Springer Online Journal Archives 1860-2000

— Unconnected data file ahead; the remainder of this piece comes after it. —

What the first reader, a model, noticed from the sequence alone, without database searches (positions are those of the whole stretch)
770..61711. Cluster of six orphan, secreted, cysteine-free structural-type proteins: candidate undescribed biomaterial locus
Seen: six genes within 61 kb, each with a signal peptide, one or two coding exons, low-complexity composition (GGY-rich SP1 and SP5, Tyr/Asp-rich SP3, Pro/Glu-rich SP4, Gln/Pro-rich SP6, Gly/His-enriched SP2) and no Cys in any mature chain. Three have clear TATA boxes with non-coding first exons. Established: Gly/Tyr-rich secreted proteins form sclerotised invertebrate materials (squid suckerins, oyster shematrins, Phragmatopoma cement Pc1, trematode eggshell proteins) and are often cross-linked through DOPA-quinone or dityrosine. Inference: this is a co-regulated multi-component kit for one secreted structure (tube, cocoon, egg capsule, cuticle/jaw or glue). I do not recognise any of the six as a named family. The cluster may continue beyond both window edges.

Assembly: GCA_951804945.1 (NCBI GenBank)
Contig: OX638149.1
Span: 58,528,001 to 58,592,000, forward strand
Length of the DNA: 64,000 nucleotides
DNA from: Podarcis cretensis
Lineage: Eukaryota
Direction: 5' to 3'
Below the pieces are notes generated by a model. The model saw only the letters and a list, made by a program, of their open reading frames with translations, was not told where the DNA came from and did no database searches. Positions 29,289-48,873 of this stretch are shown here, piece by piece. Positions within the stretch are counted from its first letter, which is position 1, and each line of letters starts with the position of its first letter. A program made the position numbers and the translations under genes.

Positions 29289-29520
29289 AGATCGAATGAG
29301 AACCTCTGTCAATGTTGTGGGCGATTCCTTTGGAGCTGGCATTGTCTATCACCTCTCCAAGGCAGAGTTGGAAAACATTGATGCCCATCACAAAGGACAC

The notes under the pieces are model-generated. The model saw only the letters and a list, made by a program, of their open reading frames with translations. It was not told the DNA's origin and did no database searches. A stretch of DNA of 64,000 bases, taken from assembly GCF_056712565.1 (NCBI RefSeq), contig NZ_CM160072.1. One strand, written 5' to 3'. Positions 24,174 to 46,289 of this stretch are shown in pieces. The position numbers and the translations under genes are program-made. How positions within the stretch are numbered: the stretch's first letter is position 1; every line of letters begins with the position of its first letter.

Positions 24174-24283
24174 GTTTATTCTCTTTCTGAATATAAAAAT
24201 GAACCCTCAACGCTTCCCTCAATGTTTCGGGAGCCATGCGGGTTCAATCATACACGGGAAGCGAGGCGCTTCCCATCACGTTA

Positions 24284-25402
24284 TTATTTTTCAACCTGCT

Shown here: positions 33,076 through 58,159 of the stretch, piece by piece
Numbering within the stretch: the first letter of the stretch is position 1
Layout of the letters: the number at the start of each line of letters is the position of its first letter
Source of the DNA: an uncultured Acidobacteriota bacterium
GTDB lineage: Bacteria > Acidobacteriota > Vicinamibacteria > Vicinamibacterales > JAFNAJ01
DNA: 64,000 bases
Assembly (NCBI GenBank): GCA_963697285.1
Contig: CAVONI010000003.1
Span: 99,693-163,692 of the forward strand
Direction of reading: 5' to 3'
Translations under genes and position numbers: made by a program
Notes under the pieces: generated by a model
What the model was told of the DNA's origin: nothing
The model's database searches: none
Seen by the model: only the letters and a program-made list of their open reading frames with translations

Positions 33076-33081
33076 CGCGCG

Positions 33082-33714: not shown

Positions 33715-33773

Abstract Reports from different countries have been inconclusive in attempting to relate the BRCA1 mutation status to the survival of breast cancer patients. The purpose of this study was to investigate overall and disease-free survival for German hereditary breast cancer patients. Data on clinical outcome and data on age at diagnosis of breast cancer, histology, tumor size, lymph node status, histological grade, and laterality of 36 breast cancer patients from 12 families with a BRCA1 mutation and from one family with strong evidence for linkage to BRCA1 were compared with those of 49 hereditary breast cancer patients from 23 families that did not harbor a BRCA1 mutation. Overall and disease-free survival was estimated for both groups. BRCA1 mutation carriers had a significantly earlier age of diagnosis than non-carriers (p = 0.0001) and more frequently developed contralateral breast cancer (p = 0.04). Also, BRCA1-associated tumors more frequently were of larger size (p = 0.041) and higher grade of malignancy (p = 0.005) than non-BRCA1-associated tumors. Whereas no difference in overall survival was seen, disease-free survival at 10 years differed significantly with 53.3% for BRCA1 mutation carriers and 76% for non- carriers (p = 0.02). However, after stratification for age and in multivariate analysis for mutation status, age, and bilaterality, it was shown that the worse prognosis for BRCA1 mutation carriers disappeared. Our results suggest that the worse prognosis of BRCA1 mutation carriers in terms of disease-free survival may in large part be due to the age of onset of breast cancer in this population. Thus, BRCA1 mutation status does not appear to be an independent prognostic factor.
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